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News & Case Results


Matz & Pietsch Blog

  • Dec

    02

    2014

    Coordination of Benefits

    “I have medical insurance through work, and no-fault insurance on my car. If I am hurt in an accident, which policy pays?”

    This is both one of the most common questions we hear, and one that does not have a single answer that fits all situations. When you have both medical insurance and car insurance in Michigan, you have to look at the “coordination of benefits” and “exclusions” sections in each policy to decide which pays for auto-related injuries.

    All no-fault car insurance policies in Michigan have medical coverage. If you have “PL/PD” on your vehicle, you have medical benefits, too. If your no-fault benefits are “coordinated” or “excess,” that means your health insurance has to pay the bill first. It is possible that your car insurance will pay amounts over and above what the health insurance pays, but the health insurance is “primary.”

    If your health insurance has an exclusion for auto-related claims, that makes it easy. Your car insurance pays the bills.

    If both your health plan and auto insurance are coordinated (that is, each policy says the other policy is primary), the health insurance pays first.

    If you pay extra and buy “full” medical coverage on your car insurance, both the medical insurance and car insurance may pay. This means you might be able keep the check your no-fault company sends you to pay the medical that was already covered by your health insurance (this is called “double dipping.”) That is perfectly acceptable to do, because you paid extra for the auto coverage to allow that. But be careful—if you misinterpret the language in either your health insurance or auto policies, you could be responsible to pay the medical bills yourself from the check your auto carrier sends you.

    Lastly, be aware that certain kinds of employer health plans are organized under a federal law called ERISA. That type of health plan may have the responsibility to pay your accident-related medical bills, but may also demand that you repay the health plan for the money it spent if you get compensation from another driver who caused the accident.

    As you can imagine, the issue of coordination of benefits is a topic that even specialist lawyers are constantly debating and studying. A judge once remarked: “The only thing worse than having no insurance policy in an auto accident is having two policies.”

    Source: 450 F3d 643


  • Nov

    26

    2014

    Chronic ailments and No-Fault Benefits

    “Can I get no-fault benefits if an auto accident makes an “old” injury worse?”

    Yes, but you have to prove to your auto insurance company that the accident, as opposed to the pre-existing injury, is what is causing your need for treatment and any disability you claim.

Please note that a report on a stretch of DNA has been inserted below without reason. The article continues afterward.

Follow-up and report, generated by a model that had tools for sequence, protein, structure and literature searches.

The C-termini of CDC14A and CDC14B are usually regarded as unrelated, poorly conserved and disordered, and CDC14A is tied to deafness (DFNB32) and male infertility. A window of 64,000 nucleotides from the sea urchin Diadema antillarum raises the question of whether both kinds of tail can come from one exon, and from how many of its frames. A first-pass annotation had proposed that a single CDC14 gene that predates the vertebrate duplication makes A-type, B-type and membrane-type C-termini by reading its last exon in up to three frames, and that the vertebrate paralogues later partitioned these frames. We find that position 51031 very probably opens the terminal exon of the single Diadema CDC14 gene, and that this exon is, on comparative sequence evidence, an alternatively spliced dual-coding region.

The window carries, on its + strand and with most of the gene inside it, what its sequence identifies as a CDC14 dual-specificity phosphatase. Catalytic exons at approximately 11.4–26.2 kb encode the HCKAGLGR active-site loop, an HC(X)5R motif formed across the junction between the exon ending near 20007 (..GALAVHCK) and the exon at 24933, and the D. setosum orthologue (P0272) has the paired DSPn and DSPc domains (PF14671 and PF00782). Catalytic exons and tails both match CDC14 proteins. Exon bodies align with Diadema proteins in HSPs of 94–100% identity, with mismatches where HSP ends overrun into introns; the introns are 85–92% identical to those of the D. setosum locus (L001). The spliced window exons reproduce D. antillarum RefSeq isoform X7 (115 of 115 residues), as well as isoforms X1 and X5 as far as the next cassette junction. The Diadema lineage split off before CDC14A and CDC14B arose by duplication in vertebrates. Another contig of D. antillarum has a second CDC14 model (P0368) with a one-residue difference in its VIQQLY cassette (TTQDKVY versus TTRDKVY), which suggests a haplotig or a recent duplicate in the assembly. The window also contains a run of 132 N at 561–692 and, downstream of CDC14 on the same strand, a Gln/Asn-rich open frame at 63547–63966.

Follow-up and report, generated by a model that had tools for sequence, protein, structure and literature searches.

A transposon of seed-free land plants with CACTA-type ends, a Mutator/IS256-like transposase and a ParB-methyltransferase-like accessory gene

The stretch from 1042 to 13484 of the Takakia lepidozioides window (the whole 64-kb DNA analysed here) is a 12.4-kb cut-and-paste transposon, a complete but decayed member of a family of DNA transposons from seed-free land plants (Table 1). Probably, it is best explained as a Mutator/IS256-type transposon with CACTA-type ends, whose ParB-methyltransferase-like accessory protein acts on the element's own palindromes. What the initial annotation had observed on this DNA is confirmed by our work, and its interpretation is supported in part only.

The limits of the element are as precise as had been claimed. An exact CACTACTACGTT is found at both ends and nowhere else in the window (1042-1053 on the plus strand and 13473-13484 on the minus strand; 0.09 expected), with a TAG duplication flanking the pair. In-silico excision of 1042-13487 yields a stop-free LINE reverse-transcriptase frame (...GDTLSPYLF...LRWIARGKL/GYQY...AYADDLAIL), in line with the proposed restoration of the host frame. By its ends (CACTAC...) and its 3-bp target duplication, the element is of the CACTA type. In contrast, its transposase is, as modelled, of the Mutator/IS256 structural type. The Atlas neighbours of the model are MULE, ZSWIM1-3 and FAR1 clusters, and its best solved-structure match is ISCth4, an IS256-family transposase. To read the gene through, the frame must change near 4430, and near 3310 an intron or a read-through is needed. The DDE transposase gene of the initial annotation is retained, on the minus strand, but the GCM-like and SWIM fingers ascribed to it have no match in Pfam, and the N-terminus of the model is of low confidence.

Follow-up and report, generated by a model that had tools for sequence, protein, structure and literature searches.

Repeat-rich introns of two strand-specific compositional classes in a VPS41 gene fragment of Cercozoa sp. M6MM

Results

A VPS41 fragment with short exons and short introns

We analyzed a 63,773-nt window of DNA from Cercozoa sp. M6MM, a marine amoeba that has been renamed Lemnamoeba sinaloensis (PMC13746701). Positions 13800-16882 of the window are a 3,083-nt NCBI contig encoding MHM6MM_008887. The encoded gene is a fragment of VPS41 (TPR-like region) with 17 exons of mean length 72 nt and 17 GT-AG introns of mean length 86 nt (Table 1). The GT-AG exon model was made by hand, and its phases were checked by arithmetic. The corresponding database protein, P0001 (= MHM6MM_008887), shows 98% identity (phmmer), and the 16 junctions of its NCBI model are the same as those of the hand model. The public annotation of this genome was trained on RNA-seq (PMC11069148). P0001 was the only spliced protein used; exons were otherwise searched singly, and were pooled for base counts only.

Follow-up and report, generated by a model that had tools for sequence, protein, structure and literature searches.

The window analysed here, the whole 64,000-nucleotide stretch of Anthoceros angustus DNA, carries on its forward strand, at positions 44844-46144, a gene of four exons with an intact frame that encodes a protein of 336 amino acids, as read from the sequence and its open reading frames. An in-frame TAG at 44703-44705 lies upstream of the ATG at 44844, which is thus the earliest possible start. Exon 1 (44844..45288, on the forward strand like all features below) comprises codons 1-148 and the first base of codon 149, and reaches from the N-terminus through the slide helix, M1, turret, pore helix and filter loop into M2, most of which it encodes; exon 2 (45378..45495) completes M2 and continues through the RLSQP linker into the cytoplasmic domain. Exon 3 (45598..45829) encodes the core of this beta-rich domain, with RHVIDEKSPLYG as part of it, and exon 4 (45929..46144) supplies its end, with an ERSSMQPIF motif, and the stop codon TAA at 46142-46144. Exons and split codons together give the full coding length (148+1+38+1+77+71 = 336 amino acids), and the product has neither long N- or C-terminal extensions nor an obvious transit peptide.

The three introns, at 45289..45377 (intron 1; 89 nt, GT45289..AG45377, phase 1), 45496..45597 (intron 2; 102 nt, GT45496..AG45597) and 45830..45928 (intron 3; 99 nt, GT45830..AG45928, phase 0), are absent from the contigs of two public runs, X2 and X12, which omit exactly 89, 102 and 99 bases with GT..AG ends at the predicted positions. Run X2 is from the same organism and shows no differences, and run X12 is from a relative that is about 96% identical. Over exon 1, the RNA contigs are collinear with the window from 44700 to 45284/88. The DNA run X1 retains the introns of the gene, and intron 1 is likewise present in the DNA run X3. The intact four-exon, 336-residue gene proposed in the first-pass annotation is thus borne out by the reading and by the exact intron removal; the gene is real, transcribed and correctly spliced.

We see many cases where, for example, someone with a history of back or neck pain gets into an auto accident that seems to make the old problems worse. It can be difficult for your doctor (and later, your lawyer) to prove that the recent trauma from the accident has made you feel worse. One way this is done is to compare your medical records from before the accident to what your records say now. There might be an old MRI or “CAT” Scan that was taken when you started having problems years ago. This could be compared to updated studies taken since the accident. If you had been doing fairly well before the accident, despite having underlying problems, and now your new studies show worsening of your condition, it seems reasonable to suggest that the accident made your old problems worse.

    As we have said in previous parts of this series of articles, you can expect your insurance company to ask the same questions, because the insurance company may be responsible to pay for your medical care, work time lost, and other benefits that are provided under No-Fault. The company may send you for an evaluation by a doctor it chooses, who will usually say that the accident had nothing to do with your complaints. That takes the insurance company “off the hook” for paying your expenses. You probably will need a lawyer to fight that battle for you, since the law gives the insurance company the right to do that—you have to prove they are wrong!

    One more thought to keep in mind: you have to be able to show that a single auto-related incident caused your problems. Claiming that years of climbing in and out of your truck caused you to have sore knees, for example, is not the kind of case that no-fault benefits were designed to cover.

    Source: MCL 500.3105; 125 Mich App 123


  • Nov

    24

    2014

    Why doesn’t the other driver’s insurance cover my medical expenses?